The French automaker Peugeot is in trouble. Automobile sales in Europe saw a dramatic 8.6% slump in 2012. For Peugeot it was even worse: a 15% drop. Since the company relies overwhelmingly on sales in Europe, the company was burning through cash at a rate of €200 million per month, according to the Financial Times. Earlier today the company reported a loss of €5.01 billion in 2012. Already last March, Moody’s had downgraded the company’s credit rating to junk. To stabilize its finances, management last year initiated a program of asset sales, an issue of new equity, and the closure of one of its manufacturing plants near Paris.
Like many other manufacturers, Peugeot owns a captive finance arm, Banque PSA Finance (BPF). The bank has a special access to Peugeot-Citroen dealer networks and supports automobile sales by offering loans, leases and insurance to customers.
The bank gets its funds in the wholesale market, as shown in the figure below, taken from the bank’s 2012 annual report.
BPF’s captive relationship with Peugeot-Citroen exposes it to the risks of the car company. The sales volumes achieved on Peugeot and Citroën cars directly affect the bank’s own business opportunities. The ownership relationship, too, creates exposure. Accordingly, the credit rating agency Moody’s determined that its rating of the bank is constrained by its rating of the parent.
In 2012, the automaker’s financial problems infected the bank. As the parent was downgraded, Moody’s also reviewed the rating of the bank, and it was downgraded. In July, the parent was downgraded to junk, and Moody’s announced that the bank’s credit rating was in review for possible downgrade to junk status.
A possible junk rating for the bank threatened its viability. It’s cost of funding would escalate, threatening its ability to offer competitive terms for loans. And it created uncertainty about the bank’s continued ability to roll over the short-term funding with which it financed its loans. Already in 2012, the bank had started to offset the unavailability of short-term financing on the capital markets by increasing the use of securitization and accessing the European Central Bank repo facility. Here is the commentary from Moody’s:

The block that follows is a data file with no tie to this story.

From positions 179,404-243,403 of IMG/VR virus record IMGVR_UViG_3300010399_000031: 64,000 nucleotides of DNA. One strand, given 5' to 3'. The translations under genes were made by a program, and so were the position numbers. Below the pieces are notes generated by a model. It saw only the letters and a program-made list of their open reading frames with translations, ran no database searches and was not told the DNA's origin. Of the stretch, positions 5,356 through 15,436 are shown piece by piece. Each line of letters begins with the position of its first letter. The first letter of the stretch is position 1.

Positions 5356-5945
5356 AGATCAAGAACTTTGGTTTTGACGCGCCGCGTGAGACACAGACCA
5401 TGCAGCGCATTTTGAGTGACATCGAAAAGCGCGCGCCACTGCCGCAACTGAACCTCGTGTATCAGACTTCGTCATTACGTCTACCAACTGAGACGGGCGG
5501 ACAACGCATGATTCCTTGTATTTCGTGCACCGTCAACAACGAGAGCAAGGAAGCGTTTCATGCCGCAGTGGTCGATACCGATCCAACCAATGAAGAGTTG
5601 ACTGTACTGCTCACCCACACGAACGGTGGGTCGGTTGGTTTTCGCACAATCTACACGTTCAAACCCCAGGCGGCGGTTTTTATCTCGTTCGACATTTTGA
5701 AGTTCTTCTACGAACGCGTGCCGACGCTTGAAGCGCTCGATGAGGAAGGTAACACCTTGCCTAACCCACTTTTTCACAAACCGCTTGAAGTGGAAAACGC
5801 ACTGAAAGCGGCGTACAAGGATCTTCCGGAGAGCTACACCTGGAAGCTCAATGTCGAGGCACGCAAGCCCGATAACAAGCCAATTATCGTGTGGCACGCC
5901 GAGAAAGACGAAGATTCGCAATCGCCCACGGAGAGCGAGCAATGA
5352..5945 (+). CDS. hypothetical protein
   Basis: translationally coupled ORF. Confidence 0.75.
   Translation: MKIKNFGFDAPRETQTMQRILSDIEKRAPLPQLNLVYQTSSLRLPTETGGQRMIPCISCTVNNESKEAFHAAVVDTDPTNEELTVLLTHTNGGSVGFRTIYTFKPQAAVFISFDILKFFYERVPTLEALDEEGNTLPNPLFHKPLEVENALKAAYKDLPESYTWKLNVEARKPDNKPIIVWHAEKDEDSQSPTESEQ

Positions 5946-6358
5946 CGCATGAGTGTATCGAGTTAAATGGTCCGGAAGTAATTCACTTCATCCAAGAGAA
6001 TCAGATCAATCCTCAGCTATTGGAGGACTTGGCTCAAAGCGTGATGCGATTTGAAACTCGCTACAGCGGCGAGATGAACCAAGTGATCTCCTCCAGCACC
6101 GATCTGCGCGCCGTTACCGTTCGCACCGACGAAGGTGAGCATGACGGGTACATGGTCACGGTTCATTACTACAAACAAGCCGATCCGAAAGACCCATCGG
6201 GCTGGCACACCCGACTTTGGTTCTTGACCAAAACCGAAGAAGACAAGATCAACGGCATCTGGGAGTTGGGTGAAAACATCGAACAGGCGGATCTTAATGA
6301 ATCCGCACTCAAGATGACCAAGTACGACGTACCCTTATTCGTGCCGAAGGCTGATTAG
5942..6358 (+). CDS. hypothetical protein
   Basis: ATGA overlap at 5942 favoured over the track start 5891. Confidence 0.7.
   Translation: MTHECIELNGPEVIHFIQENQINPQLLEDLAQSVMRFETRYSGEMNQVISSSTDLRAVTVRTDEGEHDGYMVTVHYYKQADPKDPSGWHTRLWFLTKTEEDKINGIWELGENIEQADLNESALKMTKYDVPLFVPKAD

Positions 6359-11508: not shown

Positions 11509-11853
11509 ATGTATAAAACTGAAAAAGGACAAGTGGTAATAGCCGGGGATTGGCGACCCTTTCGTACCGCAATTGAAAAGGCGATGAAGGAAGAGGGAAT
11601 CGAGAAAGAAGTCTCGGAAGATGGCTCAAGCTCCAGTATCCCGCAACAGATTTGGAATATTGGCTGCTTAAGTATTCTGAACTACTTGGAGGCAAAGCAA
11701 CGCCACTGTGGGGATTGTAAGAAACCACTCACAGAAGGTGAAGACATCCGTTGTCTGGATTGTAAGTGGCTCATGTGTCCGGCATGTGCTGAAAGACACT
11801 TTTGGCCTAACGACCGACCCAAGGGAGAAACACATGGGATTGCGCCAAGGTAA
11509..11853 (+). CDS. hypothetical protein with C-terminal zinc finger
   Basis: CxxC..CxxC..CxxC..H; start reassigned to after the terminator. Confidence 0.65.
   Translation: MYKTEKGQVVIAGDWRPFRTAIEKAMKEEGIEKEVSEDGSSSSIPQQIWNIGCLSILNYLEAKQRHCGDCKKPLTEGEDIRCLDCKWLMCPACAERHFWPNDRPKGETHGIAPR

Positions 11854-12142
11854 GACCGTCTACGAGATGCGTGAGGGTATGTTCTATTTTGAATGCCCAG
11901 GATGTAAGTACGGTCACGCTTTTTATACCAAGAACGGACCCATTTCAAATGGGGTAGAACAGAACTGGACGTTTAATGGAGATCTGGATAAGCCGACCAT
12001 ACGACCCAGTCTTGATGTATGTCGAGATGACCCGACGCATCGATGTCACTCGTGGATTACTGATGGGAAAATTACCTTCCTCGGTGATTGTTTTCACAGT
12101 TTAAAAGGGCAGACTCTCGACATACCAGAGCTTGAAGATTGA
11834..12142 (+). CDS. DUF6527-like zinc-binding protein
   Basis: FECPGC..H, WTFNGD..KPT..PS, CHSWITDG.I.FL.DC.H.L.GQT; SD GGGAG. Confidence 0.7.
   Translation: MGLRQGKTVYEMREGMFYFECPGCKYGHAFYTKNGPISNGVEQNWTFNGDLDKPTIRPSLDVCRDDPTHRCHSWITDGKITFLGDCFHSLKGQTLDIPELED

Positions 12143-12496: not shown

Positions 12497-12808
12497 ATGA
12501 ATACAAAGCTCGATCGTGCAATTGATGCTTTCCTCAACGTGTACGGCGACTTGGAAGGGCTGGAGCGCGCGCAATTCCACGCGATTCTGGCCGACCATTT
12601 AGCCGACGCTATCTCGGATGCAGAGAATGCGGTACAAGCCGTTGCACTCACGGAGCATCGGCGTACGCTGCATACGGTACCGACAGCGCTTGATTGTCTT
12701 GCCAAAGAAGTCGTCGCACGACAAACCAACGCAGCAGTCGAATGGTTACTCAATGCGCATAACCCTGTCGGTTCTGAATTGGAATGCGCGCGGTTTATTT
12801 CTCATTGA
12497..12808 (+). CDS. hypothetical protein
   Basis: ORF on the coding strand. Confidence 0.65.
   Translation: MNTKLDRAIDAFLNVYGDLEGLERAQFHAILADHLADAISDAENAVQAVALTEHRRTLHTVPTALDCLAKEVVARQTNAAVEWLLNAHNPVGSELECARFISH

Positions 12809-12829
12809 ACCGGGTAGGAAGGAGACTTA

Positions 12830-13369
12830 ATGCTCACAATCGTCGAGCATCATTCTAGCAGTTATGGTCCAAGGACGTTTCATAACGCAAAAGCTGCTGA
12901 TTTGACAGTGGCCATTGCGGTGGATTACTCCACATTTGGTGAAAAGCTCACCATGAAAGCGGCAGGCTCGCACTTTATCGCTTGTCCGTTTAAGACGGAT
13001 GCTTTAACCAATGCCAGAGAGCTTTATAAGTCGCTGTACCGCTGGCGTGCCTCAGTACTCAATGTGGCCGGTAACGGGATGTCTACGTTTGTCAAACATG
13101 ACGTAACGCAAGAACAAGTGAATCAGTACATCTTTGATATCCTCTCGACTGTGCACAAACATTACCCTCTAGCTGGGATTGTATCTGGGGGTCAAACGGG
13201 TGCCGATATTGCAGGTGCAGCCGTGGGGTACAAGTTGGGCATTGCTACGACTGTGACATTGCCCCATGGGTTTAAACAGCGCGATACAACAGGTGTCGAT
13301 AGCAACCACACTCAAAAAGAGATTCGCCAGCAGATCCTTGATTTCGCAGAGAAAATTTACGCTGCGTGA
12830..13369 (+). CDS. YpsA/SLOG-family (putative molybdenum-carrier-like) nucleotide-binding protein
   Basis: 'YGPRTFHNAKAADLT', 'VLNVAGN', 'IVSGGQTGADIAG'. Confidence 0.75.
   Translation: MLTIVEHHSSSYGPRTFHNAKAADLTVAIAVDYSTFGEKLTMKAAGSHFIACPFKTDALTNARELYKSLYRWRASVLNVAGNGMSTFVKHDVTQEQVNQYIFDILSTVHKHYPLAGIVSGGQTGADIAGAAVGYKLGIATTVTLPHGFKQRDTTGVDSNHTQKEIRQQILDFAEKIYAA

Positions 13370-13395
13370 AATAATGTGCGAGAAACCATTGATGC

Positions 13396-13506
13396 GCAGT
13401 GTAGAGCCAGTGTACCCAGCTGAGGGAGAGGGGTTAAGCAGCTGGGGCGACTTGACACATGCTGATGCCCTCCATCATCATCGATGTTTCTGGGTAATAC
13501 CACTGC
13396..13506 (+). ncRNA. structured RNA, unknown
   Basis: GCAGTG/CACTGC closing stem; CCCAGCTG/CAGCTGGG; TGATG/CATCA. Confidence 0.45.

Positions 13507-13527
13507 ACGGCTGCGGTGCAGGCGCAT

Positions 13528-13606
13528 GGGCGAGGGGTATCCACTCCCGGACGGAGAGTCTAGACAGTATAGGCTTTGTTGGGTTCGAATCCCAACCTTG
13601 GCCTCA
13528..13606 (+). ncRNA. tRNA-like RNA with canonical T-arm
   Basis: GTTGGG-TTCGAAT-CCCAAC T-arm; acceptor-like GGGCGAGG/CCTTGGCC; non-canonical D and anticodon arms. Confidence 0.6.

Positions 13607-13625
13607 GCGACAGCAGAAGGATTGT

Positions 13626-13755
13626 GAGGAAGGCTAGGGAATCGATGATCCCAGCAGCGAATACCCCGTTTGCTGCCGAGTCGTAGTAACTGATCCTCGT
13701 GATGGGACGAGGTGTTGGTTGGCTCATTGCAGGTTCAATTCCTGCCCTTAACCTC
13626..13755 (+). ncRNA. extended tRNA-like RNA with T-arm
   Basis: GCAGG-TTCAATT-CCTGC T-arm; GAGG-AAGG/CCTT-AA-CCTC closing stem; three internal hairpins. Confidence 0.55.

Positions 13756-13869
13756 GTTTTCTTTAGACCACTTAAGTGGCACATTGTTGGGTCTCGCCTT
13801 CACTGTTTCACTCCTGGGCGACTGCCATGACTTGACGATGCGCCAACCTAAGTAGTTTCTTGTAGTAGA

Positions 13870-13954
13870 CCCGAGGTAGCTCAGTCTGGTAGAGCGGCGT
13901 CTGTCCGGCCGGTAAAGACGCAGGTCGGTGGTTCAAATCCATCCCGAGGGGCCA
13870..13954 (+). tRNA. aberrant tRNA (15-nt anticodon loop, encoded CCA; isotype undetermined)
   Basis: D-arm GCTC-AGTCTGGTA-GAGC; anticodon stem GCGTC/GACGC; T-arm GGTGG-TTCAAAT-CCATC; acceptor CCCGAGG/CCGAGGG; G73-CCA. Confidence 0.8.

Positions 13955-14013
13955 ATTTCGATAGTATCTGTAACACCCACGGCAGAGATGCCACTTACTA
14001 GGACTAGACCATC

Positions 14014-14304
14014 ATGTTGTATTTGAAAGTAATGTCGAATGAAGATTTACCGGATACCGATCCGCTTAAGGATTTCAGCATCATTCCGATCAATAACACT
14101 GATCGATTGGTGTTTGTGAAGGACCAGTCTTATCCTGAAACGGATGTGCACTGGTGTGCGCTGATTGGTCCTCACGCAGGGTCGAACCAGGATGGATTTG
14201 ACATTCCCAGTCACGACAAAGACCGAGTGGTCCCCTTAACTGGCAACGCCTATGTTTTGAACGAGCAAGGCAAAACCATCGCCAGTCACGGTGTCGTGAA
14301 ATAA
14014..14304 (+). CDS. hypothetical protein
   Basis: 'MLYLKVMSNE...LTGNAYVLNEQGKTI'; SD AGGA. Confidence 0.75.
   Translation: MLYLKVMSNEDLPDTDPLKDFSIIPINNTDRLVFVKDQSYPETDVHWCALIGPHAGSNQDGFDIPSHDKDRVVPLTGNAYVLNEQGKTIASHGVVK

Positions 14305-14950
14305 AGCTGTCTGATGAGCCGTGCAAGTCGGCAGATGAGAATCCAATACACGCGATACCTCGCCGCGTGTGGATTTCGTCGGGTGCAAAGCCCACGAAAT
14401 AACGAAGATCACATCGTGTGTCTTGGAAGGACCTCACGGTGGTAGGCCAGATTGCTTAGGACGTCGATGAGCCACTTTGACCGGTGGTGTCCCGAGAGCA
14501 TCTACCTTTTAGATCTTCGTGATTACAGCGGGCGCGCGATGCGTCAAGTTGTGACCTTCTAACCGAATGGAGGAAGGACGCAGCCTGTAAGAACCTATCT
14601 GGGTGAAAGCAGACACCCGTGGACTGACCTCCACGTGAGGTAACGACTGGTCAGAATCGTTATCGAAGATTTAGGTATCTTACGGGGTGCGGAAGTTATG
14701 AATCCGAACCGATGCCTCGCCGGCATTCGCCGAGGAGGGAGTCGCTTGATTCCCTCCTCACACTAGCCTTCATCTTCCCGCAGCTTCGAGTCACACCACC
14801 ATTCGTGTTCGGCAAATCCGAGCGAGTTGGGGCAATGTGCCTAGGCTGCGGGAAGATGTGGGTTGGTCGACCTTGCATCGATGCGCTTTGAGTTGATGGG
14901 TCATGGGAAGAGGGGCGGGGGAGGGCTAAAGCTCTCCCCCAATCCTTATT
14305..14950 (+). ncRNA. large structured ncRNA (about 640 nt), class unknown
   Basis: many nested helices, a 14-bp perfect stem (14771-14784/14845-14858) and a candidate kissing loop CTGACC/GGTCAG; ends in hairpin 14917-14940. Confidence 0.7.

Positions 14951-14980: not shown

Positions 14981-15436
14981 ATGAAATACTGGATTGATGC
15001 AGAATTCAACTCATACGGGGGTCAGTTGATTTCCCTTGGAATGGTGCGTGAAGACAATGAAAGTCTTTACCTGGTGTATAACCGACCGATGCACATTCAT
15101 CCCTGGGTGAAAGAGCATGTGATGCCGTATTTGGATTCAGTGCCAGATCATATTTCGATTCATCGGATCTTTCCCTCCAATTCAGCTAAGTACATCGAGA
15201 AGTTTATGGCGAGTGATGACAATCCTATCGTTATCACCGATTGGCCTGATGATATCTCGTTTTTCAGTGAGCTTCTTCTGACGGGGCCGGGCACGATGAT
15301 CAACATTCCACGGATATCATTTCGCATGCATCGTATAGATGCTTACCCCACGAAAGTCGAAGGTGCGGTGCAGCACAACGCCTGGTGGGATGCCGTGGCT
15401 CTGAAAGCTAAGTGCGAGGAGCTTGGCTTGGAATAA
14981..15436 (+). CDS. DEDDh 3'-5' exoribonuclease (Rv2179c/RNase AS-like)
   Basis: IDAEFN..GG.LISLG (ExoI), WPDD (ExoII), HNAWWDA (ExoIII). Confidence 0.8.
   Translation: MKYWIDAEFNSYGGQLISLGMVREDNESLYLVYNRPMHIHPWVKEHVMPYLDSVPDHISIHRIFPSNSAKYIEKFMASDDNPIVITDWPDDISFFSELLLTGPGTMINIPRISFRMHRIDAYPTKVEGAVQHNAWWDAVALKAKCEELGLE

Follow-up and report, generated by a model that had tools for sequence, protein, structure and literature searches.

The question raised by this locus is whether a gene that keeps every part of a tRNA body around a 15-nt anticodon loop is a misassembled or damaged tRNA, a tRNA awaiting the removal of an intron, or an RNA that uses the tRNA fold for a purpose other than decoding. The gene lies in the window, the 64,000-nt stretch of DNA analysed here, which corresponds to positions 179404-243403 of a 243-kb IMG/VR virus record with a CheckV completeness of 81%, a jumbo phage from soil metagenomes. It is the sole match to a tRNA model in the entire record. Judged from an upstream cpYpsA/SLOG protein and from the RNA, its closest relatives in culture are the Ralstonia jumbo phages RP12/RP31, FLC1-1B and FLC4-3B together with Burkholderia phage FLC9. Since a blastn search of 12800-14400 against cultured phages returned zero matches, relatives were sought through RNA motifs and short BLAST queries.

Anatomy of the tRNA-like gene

BPF’s funding profile is entirely wholesale funded, making it vulnerable to sudden changes in investors’ confidence. Restricted market access could lead to a shortening of the bank’s maturity profile and higher funding costs, which would constrain loan origination. This would in turn affect the strength of BPF’s franchise and ultimately reduce its earnings generation, particularly if any funding constraints coincided with higher loan impairments.
To have an idea of the gravity of the situation here is an excerpt from BPF 2012 Annual Report (page 31):
After the rating agencies lowered BPF’s short term ratings to A3/P3, outstanding short-term debt, commercial paper issued …and deposit bonds issued by Banque PSA Finance dried up, falling from €3,754 million at December 31, 2011 to €147 million at December 31, 2012.
A drastic and quick fall that is not that much different from a typical bank run.
So the French government stepped in to provide support to the bank. In October, it announced that it would offer guarantees on €7 billion of future bond issues under its EMTN program. The guarantees helped put together a refinancing package that will enable BPF to continue operations while the parent company restructures, and while – hopefully – automobile sales recover. This past week the EU approved the first installment of the guarantees with conditions. The guarantees come on top of €700 million in support from the European Central Bank earlier last year.
Peugeot’s predicament has lessons for other manufacturers considering whether or not to operate their own captive finance units. While there are obvious potential synergies to be had, there are also unique risks involved. The distinctive feature of a bank is the critical role that liquidity and confidence play in assuring its funding model. Many manufacturing businesses can withstand the indignities of a junk rating. And, should the debt burden become too heavy, a restructuring and workout can sometimes be negotiated which allows the firm to continue in a new form. In the case of banks, that is not so: a fragile bank undermines the foundation of its very business, and then there is no alternative but a takeover or some form of government sponsored resolution. Putting a manufacturing operation and a bank together under one roof opens up the possibility that otherwise manageable problems at the manufacturing unit may infect the banking unit and produce unmanageable risks.
Of course, there are ways to structure a captive bank’s business model so that it is more resilient. Indeed, the European regulators had already taken steps to require captive finance units, including Peugeot’s, to alter their funding models. And, as a part of its latest restructuring announcements, Peugeot’s bank described plans to start taking deposits so as to reduce its reliance on wholesale funding markets.
Better late than never.